What is Google Compute Engine?
Google Compute Engine lets you run large-scale computing workloads on the same infrastructure that runs Google Search, Gmail, and Ads.
You can launch virtual machines on-demand, manage network connectivity using a simple but flexible networking solution, and access a verity of data storage alternatives from your virtual machines.
Google Compute Engine is in limited preview; please visit cloud.google.com to learn how to sign up.
Lots of virtual machines…
- Highly scalable
- High performance
Features of Google Compute Engine
Google Compute Engine provides the following features:
1. Full Virtual Machines
Kernel-hosted virtual machines running either Ubuntu or CentOs. Launch 1, 2, 4, or 8 virtual core instances with 3.75GB of memory per virtual core.
2. Flexible Storage
Google Compute Engine offers three storage options to meet your varying needs:
i. Ephemeral disk
A simple block device that is bound to the lifecycle of the virtual machine (VM). When you stop the VM, the data is lost.
All data written to this device is encrypted to maintain strong data privacy.
ii. Persistent disk
A replicated network-connected storage service that is comparable to the latency and performance of local disks.
Data written to this device is replicated to multiple physical disks in a Google data center.
You can also create snapshots of your disks for backup/restore purposes and can mount these devices in a mode that allows multiple virtual machines to read from a single device.
As with our ephemeral disk, all data is encrypted at rest.
iii. Google Cloud Storage
Easily access your Google Cloud Storage data buckets from inside a virtual machine.
Our seamless authentication makes it easy to securely access your data without having to manage keys in your virtual machines.
3. Flexible Networking
We offer a network solution that makes it easy for you to connect your virtual machines to each other and to the Internet.
Strong controls in our network stack protect our customers’ network traffic from unauthorized access.
ii. External IP addresses
Connect your virtual machine to the Internet with either static IP addresses or ephemeral addresses that are assigned to your machines.
iii. Configure FireWall
Control who can talk to which virtual machine(s) with a simple firewall system.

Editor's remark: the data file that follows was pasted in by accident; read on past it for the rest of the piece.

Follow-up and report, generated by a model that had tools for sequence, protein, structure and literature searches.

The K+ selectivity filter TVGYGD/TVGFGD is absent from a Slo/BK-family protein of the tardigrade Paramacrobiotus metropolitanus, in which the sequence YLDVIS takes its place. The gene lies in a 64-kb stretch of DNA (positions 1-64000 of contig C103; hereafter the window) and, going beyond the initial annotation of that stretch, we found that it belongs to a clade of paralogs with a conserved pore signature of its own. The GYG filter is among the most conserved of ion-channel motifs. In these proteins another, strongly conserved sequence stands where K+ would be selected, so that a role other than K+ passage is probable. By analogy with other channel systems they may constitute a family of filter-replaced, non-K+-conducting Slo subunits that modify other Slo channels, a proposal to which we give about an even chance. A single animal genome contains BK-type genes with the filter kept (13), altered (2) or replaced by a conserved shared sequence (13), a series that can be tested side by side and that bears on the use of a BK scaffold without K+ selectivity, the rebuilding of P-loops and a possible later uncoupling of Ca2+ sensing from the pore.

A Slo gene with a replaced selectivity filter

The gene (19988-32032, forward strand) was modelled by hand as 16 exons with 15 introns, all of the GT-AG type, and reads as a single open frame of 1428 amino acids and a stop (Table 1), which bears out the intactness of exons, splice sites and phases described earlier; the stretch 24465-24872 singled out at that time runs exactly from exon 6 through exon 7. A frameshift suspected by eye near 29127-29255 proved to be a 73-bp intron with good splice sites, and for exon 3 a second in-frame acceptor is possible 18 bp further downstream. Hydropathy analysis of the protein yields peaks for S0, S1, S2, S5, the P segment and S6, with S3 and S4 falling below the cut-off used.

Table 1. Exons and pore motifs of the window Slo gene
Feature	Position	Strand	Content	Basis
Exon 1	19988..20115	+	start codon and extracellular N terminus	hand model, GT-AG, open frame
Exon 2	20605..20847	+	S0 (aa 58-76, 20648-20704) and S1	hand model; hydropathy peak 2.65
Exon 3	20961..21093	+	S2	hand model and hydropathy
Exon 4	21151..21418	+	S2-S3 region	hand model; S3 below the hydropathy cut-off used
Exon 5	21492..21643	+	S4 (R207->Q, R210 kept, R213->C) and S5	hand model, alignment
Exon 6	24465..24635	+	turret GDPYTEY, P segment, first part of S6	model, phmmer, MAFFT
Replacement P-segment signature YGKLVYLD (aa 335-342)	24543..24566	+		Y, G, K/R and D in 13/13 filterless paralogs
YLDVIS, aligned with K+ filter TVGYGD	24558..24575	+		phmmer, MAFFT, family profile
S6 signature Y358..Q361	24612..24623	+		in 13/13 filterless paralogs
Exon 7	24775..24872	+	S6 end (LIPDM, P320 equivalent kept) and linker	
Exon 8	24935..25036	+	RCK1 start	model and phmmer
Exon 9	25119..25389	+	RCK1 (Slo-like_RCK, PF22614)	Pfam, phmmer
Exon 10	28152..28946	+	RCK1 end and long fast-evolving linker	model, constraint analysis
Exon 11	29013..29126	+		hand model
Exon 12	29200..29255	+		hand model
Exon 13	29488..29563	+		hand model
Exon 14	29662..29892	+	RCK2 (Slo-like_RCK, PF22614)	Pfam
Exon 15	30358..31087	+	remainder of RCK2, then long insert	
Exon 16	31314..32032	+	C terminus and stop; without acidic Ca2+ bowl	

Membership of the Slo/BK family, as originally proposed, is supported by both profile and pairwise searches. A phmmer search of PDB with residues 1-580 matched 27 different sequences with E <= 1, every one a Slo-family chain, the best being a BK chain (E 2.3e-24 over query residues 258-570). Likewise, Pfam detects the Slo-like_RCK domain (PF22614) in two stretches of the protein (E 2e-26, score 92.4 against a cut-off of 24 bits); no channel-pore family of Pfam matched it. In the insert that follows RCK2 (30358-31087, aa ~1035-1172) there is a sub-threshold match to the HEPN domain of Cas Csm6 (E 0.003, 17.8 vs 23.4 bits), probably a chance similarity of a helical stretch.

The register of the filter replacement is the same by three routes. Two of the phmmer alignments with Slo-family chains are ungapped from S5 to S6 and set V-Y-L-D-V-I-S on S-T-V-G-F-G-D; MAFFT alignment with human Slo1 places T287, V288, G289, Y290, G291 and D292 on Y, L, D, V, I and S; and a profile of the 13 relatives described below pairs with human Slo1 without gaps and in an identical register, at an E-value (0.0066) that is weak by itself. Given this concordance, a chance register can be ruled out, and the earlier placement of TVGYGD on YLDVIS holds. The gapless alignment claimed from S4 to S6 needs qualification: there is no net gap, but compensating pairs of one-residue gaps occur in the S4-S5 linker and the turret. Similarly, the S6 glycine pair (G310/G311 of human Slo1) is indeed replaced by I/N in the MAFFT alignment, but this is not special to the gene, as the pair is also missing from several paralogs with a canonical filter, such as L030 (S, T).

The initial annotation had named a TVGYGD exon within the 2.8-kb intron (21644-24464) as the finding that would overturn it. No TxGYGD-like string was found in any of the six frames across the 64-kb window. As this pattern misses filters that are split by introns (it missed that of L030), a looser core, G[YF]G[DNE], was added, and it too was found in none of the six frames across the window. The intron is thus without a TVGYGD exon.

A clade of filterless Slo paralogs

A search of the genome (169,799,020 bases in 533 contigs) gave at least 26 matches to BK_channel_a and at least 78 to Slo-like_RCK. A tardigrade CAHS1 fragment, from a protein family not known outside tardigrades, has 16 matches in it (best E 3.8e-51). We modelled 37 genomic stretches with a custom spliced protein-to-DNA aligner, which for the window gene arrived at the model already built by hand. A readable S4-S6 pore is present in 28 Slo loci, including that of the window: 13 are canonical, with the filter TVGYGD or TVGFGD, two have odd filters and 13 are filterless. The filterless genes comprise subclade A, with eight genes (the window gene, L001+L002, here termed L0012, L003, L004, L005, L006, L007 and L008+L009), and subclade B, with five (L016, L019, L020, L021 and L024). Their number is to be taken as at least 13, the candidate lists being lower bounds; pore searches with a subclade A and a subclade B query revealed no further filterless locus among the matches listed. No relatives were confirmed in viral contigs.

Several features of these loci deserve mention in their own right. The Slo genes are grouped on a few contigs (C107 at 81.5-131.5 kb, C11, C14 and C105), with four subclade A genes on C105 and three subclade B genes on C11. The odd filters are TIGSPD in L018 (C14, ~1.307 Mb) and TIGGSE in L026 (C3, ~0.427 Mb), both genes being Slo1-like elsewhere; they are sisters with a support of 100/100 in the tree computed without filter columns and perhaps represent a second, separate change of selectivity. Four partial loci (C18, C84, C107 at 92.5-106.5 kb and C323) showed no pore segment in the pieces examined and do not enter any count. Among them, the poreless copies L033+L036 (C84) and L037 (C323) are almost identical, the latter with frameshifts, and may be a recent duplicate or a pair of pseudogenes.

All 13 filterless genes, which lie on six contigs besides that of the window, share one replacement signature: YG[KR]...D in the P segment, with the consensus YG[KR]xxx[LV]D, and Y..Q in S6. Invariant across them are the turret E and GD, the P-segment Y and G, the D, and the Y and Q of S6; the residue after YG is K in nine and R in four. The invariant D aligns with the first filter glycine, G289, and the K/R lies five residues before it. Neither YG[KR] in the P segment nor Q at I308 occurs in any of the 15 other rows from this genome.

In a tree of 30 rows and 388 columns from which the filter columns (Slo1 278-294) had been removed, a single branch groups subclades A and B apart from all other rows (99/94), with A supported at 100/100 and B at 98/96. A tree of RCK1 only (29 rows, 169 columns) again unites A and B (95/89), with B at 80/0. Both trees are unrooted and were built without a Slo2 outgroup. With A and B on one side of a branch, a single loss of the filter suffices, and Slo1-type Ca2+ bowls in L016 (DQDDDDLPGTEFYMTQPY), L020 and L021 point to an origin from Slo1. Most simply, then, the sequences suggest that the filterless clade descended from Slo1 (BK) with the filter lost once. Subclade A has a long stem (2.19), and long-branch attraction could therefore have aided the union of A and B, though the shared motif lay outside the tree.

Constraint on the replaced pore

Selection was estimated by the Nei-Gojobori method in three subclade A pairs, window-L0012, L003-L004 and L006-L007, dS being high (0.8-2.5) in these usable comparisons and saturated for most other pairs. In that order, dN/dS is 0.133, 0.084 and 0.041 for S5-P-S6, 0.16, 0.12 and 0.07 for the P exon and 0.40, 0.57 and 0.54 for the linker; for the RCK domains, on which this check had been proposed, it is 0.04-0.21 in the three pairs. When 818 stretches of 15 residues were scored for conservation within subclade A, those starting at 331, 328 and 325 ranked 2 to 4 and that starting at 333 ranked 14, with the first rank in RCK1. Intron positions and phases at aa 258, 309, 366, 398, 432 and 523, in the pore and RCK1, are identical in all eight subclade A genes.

4. Open tooling
We offer a simple UI and command-line tool to configure and launch your virtual machines.
i. Open API
All of our tools are built on our open RESTful API, and we plan to release our tools as open-source to allow others to create customized tools for specific needs.
ii. Open ecosystem
We are working with providers such as RightScale, Puppet Labs, and OpsCode to deliver high-quality, familiar tools that work well in our environment.
Example of Google Compute Engine
Guiding principles: How Google building Google Compute Engine
1. Strong Security
- Network encapsulation
- Disk encryption of data at rest
- All about performance
– Processor allocations
– Storage latencies and throughput
– Network architecture
3. Open and Flexible
- Open API
- Open tooling
- Focus on the ecosystem
- One VM infrastructure
– For Google production workloads
– For your workloads
- Currently running Google production services
5. Powered by the Ecosystem
- Focus on building a vibrant ecosystem
- Strong core infrastructure
- Our ecosystem partners
– Support mobility to the cloud
– Richer experiences
- Think about services not servers
MapR’s Experience with Google Compute Engine
- Fast – Virtualized public cloud rivals on-premise physical
- Easy – Provision 1,000s of servers in minutes
- Cost eﬀective – Pay only for what you use
i. Open, enterprise-grade distribution for Hadoop
– Easy, dependable and fast
– Open-source with standards-based extensions
– Big data analytics
– Hadoop inspired by MapReduce paper published by Google scientists Jeﬀrey Dean and Sanjay Ghemawat in 2004
iii. MapR is deployed at 1000’s of companies
iv. MapR Hadoop Cloud Service now available on Google Compute Engine